The Death and Life of B2C

It’s become fashionable lately to deride business-to-consumer e commerce web ventures as victims of hype. The newfound caution about the growth of B2C is certainly warranted, given the near-term opportunities for business-to-business web commerce.

Although Gartner’s recent prediction of trillions of dollars in B2B within the next 2-3 years smacks of the same hype that previously afflicted B2C, the prognosis that B2B has greater near-term potential remains sound. Businesses already have the right bandwidth connections, with competitive pressures forcing more and more of them to at least dip their feet in real on-line transactions.

But don’t totally dismiss B2C. The issues are adjusting expectations—especially when it comes to creating new branding identities. Remember, the attraction of going on line is to add convenience and create value by allowing consumers to do more things with the business that they must transact. Although the emergence of new brands like Yahoo or Amazon make it tempting to predict that pure on-line plays will revolutionize consumer buying, recent history has shown that when familiar brands deliver real value and convenience, consumers will go back to the familiar every time. Remembering every new dot com in the long term will prove more effort than it’s worth.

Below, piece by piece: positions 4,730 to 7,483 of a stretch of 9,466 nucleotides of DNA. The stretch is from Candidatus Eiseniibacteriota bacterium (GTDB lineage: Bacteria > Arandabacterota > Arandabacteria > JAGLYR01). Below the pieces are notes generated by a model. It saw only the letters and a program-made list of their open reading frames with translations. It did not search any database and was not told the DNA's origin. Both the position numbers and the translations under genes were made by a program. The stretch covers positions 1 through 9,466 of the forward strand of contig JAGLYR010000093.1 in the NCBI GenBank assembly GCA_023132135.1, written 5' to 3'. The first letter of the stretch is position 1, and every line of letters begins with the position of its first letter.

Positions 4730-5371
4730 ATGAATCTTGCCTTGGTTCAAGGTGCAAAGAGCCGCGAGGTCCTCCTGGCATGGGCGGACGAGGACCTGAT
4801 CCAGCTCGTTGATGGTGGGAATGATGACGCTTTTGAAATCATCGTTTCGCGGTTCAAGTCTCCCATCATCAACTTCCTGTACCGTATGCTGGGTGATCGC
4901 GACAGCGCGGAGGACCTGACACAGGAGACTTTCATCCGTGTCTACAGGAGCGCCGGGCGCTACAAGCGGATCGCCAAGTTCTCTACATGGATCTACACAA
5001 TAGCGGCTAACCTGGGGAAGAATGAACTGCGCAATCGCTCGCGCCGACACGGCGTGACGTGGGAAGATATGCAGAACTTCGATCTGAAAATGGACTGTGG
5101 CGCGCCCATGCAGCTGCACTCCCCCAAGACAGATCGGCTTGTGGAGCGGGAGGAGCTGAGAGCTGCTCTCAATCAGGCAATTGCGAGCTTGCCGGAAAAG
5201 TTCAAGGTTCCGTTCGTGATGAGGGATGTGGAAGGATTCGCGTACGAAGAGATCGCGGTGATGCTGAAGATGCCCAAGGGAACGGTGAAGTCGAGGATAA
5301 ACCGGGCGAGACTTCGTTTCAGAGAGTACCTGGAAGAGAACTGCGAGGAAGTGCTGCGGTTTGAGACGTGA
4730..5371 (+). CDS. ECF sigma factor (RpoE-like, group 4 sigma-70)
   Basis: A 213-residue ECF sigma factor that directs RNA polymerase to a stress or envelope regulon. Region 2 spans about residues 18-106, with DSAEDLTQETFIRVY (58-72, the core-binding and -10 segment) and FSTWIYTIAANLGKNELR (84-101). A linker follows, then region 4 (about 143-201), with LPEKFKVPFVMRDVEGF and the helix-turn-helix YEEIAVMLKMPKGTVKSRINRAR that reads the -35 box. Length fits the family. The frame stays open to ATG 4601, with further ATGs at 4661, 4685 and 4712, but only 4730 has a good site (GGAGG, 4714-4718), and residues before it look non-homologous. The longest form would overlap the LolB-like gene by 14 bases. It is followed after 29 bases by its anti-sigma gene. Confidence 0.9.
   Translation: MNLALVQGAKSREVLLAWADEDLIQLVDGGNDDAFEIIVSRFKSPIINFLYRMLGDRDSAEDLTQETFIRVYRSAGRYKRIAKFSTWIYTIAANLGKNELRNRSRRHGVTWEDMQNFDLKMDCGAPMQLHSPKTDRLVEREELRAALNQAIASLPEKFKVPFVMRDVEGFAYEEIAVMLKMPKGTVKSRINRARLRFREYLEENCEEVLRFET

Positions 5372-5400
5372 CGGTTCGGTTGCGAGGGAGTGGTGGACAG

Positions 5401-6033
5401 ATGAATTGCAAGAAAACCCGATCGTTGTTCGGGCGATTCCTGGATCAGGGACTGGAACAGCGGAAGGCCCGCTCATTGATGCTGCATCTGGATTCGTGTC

Therefore, while new, on-line pure plays like the First Internet Bank or E*Trade may draw the attention of the downtown media, the Citibanks of the world have golden opportunities to enhance their brand identities by adding new capabilities that allow consumers to have more control and visibility into their bank or investment accounts. We recently had the chance to visit, part of a new generation of on-line service providers whose products—in this case, consolidation of consumer financial statements—could provide exactly the type of service that can help click and mortar brands, like Wells Fargo Bank, make their services even more compelling. It may not be as exciting as inventing the next Yahoo, but in the long run, the flowering of the B2C market development will more likely be driven by new under-the-hood technology that reinforces the names we already know.